A novel approach to Israelite kinship, arguing that maternal kinship bonds played key social, economic, and political roles for a son who aspired to inherit his father’s household
Upending traditional scholarship on patrilineal genealogy, Cynthia Chapman draws on twenty years of research to uncover an underappreciated yet socially significant kinship unit in the Bible: “the house of the mother.” In households where a man had two or more wives, siblings born to the same mother worked to promote and protect one another’s interests. Revealing the hierarchies of the maternal houses and political divisions within the national house of Israel, this book provides us with a nuanced understanding of domestic and political life in ancient Israel.
Cynthia R. Chapman is the Adelia A.G. Johnston and Harry Thomas Frank Professor of Biblical Studies at Oberlin College. She is the author of The Gendered Language of Warfare in the Israelite-Assyrian Encounter.
“[This] engaging, meticulously researched book . . . offers a nuanced view of biblical women, not as mere passive or peripheral objects of men, but as active participants in the society of their time.”—F. Volker Greifenhagen, Reading Religion
“A nuanced and compelling scholarly study”—Jacqueline E. Lapsley, Christian Century
“The book is thorough in its treatment of kinship themes in the Hebrew Bible, engagingly written and beautifully crafted. . . . This is a book I will recommend widely and to which I will return often.”—Johanna Stiebert, Bible and Critical Theory
“Those who read her book will come away with a larger (if not revolutionary) understanding of the dynamic social patterns, power, and values found within recitations of kinship within the Bible.”—Lewis Fried, The Key Reporter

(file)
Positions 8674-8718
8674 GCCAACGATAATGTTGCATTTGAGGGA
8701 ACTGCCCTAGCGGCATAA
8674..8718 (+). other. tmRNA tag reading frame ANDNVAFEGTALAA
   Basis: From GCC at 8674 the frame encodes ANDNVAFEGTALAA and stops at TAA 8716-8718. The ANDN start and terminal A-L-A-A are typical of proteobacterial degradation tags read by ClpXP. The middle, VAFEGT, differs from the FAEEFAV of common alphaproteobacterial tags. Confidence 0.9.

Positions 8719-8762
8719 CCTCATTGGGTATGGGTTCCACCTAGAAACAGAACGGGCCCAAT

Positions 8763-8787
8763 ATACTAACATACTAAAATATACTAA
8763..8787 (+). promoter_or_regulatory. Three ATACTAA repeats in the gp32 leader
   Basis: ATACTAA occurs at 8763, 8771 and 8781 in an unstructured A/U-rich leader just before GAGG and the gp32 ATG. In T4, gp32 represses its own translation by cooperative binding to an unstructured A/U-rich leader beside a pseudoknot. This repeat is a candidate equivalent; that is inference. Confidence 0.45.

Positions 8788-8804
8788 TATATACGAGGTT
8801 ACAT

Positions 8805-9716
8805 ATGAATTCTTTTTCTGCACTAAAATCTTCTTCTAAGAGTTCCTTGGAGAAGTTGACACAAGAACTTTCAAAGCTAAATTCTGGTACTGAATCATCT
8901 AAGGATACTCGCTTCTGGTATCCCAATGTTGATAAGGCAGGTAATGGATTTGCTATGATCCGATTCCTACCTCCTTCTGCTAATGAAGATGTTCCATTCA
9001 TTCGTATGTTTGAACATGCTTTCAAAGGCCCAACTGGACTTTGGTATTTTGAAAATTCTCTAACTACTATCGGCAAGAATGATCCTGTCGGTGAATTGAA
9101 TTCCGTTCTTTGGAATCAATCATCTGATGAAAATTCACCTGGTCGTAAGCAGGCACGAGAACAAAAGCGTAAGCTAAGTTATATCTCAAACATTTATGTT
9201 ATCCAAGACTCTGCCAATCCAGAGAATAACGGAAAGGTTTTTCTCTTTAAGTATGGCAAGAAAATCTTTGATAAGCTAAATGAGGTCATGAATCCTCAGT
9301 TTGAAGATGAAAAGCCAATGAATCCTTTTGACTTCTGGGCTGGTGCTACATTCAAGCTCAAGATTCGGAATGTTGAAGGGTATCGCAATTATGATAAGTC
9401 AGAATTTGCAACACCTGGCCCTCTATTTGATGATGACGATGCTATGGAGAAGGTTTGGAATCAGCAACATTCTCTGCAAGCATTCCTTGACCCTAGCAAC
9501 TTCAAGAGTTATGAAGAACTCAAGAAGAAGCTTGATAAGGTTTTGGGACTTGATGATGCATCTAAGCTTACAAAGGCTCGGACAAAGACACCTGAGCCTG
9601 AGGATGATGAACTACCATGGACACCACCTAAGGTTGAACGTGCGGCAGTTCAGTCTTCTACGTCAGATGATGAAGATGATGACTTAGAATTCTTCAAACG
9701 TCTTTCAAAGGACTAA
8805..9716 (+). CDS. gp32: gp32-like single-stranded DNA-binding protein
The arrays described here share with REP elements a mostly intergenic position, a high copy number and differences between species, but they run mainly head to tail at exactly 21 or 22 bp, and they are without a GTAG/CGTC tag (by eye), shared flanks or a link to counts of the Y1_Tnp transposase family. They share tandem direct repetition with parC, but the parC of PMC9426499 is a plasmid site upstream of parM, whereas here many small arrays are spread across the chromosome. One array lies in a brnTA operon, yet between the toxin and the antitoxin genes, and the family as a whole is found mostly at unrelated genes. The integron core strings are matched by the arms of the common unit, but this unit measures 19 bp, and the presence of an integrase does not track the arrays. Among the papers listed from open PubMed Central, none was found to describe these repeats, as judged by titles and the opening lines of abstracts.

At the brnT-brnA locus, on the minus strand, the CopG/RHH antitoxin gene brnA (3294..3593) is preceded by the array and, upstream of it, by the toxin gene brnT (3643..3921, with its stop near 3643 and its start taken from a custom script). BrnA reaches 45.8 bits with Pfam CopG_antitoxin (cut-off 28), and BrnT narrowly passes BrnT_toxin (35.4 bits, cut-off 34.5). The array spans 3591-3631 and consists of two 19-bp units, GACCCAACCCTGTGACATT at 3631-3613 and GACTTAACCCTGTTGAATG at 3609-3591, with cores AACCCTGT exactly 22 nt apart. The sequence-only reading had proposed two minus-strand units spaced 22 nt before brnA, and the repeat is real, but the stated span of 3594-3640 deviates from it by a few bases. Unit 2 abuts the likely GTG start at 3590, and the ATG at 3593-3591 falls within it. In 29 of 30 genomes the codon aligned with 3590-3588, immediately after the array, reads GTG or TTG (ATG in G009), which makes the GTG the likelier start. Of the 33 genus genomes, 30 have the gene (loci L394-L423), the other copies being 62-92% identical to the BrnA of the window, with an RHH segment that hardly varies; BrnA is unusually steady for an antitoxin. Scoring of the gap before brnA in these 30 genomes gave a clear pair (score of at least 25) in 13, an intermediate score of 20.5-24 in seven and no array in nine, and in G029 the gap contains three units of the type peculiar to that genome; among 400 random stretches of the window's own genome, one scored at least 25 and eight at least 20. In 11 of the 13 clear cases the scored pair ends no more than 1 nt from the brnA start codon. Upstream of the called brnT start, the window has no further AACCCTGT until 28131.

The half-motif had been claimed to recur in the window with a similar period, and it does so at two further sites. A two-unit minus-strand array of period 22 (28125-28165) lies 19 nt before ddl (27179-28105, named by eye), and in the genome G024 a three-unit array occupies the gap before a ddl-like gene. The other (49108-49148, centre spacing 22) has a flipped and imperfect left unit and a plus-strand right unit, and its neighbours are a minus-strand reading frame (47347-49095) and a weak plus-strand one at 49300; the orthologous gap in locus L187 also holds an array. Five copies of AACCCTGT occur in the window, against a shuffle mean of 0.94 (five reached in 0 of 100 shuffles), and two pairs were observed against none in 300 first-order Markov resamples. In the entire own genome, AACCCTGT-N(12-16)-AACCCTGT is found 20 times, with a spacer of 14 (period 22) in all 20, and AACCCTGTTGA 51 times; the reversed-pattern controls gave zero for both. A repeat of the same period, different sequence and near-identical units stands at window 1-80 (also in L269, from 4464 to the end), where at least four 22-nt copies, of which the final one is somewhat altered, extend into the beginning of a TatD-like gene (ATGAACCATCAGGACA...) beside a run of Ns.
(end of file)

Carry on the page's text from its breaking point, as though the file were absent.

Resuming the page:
“A masterful study, well-researched, cogent, and persuasive. . . . A brilliant book that will surely shape the continuing discourse concerning both women and kinship in the Hebrew Bible for years to come.”—Laura Quick, Review of Biblical Literature
“With verve, Chapman’s book recovers and reconstructs the importance of female kinships in ancient Israel, and it does so with readable prose that will reward any interested student or scholar.”—Adam E. Miglio, Bulletin for Biblical Research
“I highly recommend this erudite piece of biblical scholarship to those interested in anthropological and sociological approaches as well as to scholars and students interested in the role of women in ancient Israel.”—Tyler Mayfield, Religious Studies Review
Co-winner of the 2017 Biblical Archaeology Society Publication Award in the Best Book Relating to the Hebrew Bible category.
“In this extraordinarily important study, Cynthia Chapman sheds light on numerous enigmatic biblical passages and has made a major contribution to our understanding of Israel’s social world. Chapman is a pioneer in the study of women’s kinship.”—Robert R. Wilson, Yale Divinity School
“With methodological sophistication, Cynthia Chapman explores evidence of maternal kin from the Hebrew Bible and ancient Levant. Her work is both wisely cautious and creatively daring, an exciting new contribution to both biblical studies and the wider field of cultural studies.”—Susan Niditch, Amherst College
“A methodological tour de force reassessing ancient Israelite social history, informed by keen exegeses and new insights, expressed in crystalline prose, a major new contribution to understanding how women’s lives shaped biblical narratives—Chapman’s book qualifies as a landmark in the field.”—David S. Vanderhooft, Boston College
Sign up for updates on new releases and special offers
Our website offers shipping to the United States and Canada only. For customers in other countries: